Prevent heifer lameness

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Cattle producers don’t usually have to worry too much about lameness issues in the pre-breeding beef and dairy heifer, but there are some management and environmental influences that affect a heifer’s future soundness and productivity in the herd. Lameness in pre-breeding age heifers tends not to receive much attention primarily because these animals are not convenient or easy to examine. “There is a tendency to assume that most of the lameness that occurs in these animals is due to injuries,” says Jan Shearer, DVM, MS, Iowa State University. “When the problem is of short duration and the animal does not exhibit evidence of swelling or other obvious lesions, this is likely the case. However, when the problem persists and progressively worsens, an investigation of the possible cause or causes is in order.”

Udder development at calving naturally changes rear leg posture and changes weight bearing dynamics slightly from the non-lactating to the lactating state. “Conformation and healthy development of sound foot and leg structure are absolutely critical for the future success of any bovine, but particularly so if they are to be housed primarily on concrete,” Shearer says. “In our present-day large scale operations, cows must be able to walk significant distances on a daily basis whether it’s to and from the milking parlor or to the feedbunk and back. We also know that they must be able to establish some degree of dominance in order to compete within their respective groups and they must be able to respond to normal instincts and behaviors such as estrus which requires them to mount or stand to be mounted by herdmates or a bull.”

Nutrition and foot health

Nutrition plays a large role in structural development of the claw, skeletal structures and sound foot health. Trace minerals such as copper and zinc have important roles in the formation of claw horn where they serve in critical metabolic pathways that contribute to keratin formation (an important structural component of horn cells).

“The formation of keratin within the intracellular matrix of horn cells increases their physical strength, thus making them more resistant to mechanical forces when they reach the exterior of the claw horn capsule,” Shearer explains. “Biotin has similar functions and is essential to the proper development of the intracellular cementing substance analogous to mortar between bricks in a wall.”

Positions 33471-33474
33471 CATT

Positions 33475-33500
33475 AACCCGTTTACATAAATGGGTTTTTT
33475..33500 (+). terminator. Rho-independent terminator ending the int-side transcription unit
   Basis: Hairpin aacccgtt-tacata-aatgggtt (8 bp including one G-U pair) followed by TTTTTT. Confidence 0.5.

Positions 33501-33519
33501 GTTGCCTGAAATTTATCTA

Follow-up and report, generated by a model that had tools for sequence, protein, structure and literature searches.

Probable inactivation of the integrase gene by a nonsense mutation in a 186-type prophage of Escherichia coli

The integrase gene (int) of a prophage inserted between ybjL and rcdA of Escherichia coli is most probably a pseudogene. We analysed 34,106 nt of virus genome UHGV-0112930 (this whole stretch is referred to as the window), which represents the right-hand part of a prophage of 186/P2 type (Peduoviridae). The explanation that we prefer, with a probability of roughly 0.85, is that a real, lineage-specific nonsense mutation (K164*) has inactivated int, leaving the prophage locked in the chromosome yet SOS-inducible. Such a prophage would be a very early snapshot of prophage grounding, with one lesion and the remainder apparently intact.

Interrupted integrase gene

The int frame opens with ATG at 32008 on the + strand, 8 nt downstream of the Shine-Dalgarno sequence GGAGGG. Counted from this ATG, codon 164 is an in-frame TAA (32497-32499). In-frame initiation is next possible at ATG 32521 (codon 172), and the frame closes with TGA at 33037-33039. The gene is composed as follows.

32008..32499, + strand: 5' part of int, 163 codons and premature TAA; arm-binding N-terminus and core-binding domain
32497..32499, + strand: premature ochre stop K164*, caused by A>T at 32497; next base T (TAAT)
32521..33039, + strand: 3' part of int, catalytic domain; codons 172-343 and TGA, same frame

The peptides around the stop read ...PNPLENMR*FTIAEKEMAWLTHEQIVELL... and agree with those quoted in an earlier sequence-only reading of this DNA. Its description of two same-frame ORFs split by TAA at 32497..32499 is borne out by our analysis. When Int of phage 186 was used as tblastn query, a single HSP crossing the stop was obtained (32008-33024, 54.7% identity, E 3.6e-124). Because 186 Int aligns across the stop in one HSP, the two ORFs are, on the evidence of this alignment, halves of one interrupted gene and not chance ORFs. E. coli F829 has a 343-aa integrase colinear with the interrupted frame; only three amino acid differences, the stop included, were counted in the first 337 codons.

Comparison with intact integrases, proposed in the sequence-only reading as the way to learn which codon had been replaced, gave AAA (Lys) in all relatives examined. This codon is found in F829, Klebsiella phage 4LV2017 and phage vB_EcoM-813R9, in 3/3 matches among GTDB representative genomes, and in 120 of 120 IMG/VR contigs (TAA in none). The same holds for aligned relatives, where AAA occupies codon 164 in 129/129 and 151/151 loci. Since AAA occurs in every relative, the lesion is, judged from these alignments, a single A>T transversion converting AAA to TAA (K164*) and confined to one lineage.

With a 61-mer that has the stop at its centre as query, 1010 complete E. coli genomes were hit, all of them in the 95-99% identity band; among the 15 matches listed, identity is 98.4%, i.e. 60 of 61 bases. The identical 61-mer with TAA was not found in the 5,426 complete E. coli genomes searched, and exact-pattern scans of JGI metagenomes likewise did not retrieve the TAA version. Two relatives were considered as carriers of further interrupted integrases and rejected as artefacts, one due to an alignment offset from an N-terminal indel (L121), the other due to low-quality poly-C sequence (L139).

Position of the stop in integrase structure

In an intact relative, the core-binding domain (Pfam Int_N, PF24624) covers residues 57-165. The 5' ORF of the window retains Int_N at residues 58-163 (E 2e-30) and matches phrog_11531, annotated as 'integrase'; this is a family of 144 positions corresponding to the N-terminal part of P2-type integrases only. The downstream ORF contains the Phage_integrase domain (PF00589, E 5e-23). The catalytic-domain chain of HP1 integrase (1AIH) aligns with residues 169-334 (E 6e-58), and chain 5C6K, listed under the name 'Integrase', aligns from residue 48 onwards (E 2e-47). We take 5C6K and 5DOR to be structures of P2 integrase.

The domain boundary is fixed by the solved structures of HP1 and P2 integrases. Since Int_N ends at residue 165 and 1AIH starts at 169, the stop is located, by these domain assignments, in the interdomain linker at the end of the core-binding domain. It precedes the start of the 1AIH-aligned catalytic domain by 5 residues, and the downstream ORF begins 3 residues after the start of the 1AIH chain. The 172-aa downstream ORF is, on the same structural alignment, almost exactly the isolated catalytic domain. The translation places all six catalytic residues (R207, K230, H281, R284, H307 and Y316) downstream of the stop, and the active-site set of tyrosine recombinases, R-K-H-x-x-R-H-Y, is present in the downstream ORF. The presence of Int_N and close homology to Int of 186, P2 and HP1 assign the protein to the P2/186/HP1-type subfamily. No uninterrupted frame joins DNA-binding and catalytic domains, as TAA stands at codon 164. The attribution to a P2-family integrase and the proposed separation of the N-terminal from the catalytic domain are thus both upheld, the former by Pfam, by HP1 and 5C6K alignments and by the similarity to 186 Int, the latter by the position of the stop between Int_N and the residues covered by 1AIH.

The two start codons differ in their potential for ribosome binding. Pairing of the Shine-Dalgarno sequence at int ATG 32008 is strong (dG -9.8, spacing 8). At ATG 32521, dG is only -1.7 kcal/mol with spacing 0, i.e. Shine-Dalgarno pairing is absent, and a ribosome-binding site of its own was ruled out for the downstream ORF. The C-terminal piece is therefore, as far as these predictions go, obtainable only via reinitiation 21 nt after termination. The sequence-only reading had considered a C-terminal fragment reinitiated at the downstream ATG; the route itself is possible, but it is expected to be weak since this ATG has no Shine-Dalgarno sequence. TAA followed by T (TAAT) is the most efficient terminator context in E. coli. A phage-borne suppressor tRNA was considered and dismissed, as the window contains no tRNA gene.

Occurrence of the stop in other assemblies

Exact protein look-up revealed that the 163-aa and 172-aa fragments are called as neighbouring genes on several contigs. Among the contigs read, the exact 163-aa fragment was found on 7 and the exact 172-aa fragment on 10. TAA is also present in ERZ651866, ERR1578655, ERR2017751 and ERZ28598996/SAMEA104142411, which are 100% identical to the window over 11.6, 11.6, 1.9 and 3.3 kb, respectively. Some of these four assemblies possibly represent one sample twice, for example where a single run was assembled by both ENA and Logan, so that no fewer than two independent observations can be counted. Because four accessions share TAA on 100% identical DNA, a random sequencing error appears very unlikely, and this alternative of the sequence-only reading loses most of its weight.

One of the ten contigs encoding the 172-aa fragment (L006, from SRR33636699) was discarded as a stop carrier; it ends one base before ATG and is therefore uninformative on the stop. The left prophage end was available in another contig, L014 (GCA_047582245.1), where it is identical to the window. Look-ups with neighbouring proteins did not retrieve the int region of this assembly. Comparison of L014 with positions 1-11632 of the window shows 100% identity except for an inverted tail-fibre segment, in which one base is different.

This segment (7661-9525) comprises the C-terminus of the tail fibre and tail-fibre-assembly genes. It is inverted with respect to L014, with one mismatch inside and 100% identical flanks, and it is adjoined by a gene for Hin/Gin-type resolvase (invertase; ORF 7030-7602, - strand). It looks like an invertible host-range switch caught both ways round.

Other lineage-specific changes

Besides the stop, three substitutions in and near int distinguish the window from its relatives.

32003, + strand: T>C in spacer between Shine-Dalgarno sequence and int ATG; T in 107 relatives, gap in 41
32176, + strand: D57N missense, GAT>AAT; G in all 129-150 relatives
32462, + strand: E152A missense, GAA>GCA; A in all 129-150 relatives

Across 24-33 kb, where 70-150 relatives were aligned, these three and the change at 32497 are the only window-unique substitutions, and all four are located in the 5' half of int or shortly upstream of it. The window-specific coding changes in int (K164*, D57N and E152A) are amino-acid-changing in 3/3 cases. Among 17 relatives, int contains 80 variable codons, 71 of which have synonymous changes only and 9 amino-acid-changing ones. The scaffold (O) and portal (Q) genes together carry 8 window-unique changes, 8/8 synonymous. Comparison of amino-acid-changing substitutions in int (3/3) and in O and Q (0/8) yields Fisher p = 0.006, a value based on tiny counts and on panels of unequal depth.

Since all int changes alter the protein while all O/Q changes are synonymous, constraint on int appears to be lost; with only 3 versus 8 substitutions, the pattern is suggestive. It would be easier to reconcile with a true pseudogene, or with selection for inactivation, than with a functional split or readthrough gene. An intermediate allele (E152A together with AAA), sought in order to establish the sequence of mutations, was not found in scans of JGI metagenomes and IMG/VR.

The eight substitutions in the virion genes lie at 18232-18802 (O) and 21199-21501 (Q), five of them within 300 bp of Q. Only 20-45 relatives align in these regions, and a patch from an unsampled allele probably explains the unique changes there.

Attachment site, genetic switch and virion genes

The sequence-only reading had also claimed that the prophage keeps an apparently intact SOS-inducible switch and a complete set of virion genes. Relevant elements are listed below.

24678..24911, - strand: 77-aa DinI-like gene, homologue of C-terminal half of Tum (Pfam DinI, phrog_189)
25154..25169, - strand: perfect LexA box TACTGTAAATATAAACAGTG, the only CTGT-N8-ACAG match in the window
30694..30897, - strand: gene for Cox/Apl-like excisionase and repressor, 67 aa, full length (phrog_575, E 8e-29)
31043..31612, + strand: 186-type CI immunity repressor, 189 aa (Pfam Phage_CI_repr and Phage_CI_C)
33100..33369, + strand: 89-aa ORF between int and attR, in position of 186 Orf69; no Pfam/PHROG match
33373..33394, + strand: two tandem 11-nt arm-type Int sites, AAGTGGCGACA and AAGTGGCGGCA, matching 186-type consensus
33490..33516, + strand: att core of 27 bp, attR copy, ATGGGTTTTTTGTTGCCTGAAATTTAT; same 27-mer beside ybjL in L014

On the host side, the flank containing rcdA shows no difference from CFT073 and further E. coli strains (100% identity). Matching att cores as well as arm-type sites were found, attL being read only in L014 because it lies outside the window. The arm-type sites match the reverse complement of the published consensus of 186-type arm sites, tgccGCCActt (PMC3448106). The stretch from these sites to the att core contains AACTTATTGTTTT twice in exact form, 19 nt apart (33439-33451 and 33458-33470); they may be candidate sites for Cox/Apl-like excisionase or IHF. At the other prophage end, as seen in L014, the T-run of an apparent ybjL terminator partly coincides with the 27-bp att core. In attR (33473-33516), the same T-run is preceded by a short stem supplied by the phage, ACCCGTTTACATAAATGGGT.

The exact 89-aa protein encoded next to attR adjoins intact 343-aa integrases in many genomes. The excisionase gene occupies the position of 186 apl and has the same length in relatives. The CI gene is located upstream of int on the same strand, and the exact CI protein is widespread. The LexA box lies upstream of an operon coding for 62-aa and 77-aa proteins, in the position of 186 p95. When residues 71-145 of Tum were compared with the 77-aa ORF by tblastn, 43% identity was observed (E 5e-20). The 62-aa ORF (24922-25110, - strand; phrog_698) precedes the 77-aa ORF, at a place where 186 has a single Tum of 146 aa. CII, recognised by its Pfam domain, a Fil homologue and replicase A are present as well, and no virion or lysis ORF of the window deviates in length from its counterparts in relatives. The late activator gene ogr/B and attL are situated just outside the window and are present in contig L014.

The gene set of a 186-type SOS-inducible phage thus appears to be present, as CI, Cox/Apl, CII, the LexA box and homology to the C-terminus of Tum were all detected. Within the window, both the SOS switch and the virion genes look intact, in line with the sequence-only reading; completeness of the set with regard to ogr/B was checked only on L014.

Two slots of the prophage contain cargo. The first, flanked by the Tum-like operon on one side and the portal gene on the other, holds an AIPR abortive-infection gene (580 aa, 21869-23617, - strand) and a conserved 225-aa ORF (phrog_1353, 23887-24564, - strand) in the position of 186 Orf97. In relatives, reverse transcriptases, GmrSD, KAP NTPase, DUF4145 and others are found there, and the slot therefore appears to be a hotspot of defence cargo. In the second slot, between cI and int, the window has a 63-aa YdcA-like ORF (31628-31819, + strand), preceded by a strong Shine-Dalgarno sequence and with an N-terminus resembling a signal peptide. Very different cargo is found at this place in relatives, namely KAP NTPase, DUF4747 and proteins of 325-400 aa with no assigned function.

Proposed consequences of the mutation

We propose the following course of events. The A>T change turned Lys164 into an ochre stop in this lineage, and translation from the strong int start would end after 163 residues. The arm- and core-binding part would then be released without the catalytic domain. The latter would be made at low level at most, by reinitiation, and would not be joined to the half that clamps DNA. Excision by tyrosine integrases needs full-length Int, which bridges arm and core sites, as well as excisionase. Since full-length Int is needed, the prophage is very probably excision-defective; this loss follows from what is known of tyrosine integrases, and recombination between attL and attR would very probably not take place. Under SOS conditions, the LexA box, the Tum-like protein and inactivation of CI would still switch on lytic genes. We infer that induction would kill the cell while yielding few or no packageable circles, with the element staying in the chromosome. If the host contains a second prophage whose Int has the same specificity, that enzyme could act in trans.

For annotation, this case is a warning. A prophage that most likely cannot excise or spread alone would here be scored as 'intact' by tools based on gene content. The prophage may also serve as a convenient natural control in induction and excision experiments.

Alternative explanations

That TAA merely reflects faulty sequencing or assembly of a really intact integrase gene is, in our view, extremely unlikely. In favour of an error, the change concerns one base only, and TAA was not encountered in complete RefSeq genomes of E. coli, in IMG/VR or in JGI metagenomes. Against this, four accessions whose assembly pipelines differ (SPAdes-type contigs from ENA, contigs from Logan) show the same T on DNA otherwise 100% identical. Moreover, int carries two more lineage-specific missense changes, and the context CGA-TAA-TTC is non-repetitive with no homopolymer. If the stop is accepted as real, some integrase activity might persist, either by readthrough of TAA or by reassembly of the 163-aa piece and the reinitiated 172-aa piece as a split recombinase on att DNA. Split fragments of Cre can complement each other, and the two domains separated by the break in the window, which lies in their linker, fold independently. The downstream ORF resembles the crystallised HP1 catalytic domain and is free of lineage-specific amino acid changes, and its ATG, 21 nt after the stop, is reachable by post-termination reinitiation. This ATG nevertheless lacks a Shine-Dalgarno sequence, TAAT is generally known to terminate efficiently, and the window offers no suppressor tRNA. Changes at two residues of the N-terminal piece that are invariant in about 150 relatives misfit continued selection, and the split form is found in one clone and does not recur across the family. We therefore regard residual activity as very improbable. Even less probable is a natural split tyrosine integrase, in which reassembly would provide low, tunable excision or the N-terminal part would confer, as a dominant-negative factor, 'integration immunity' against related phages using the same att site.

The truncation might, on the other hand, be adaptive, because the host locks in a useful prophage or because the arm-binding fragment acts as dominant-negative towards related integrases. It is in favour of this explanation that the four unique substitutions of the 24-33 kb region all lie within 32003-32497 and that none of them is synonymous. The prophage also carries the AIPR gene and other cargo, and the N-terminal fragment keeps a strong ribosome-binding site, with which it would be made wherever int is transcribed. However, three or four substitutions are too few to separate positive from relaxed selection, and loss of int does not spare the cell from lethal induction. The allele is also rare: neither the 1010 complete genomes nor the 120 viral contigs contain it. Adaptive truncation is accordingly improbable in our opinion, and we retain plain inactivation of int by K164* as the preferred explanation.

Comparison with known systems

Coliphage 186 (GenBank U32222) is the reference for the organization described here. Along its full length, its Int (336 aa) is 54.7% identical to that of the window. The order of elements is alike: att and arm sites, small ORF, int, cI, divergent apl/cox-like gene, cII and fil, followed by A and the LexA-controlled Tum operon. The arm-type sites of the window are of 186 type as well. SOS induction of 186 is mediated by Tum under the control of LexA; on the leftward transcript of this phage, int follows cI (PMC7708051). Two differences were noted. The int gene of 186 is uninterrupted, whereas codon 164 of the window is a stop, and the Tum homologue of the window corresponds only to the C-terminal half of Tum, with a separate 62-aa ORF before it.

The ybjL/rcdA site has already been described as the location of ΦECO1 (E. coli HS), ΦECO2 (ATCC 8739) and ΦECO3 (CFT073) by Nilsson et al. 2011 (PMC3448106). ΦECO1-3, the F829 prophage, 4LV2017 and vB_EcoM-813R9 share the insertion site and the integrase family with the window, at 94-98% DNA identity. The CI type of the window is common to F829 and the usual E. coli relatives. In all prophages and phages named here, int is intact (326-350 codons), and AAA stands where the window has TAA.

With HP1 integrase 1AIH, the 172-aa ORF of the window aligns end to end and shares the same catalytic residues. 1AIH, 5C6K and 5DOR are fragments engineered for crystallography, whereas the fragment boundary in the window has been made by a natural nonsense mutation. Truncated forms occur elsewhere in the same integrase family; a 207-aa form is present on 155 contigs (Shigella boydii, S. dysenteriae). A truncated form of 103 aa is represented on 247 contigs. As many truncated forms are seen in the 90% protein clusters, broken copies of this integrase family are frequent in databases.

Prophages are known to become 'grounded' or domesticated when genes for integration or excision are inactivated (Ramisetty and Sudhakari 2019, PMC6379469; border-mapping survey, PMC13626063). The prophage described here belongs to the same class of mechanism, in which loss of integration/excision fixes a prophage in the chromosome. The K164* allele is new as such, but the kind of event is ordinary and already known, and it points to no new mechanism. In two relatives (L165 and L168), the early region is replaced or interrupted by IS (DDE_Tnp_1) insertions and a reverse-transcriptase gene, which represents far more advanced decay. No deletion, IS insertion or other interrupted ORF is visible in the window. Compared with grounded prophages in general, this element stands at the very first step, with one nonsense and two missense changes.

Concrete can lead to problems

On most large dairies, some amount of concrete is unavoidable. Confinement facilities, where cows are required to be on hard surfaces for extended periods, tend to increase rates of claw horn growth. This can lead to abnormalities in weight bearing, which Shearer says can and should be corrected by trimming. Feeding at mangers or feedbunks also increases problems with an acquired form of corkscrew claw that tends to affect the inner claw of front feet. This may also require correction during the trimming session when it becomes severe. Confinement of animals also tends to increase exposure of feet and legs to manure slurry and moisture conditions which are believed to increase problems with the infectious foot skin conditions such as digital dermatitis, interdigital dermatitis and heel erosion and foot rot.

Concrete has contrasting effects on claw horn. “In facilities that restrict exercise of animals, wear rates are low and overgrowth is acceler-ated by irritation of the corium,” Shearer says. “Similar to the formation of calluses on the soles of a person’s foot where they bear weight, the cow accelerates horn (horn is modified skin) formation on the claw that bears the most weight.” He notes that in cattle, the work of Toussaint Raven and others indicates that this is the outer claw of the rear foot and the inner claw of the front foot. Thus, overgrowth of the outer claw of the rear foot and inner claw of the front foot are most severe in these conditions. 

On the other hand, when the flooring surface is abrasive or if the animals have long distances to walk, the rate of claw horn wear may outstrip the growth rate. When this happens animals may become thin-soled and severely lame with lesions occurring primarily in the outer claw of the rear foot and the inner claw of the front foot. Thin-soled heifers or cows become very lame because the sole is unable to support the weight of their body without damage to the underlying corium.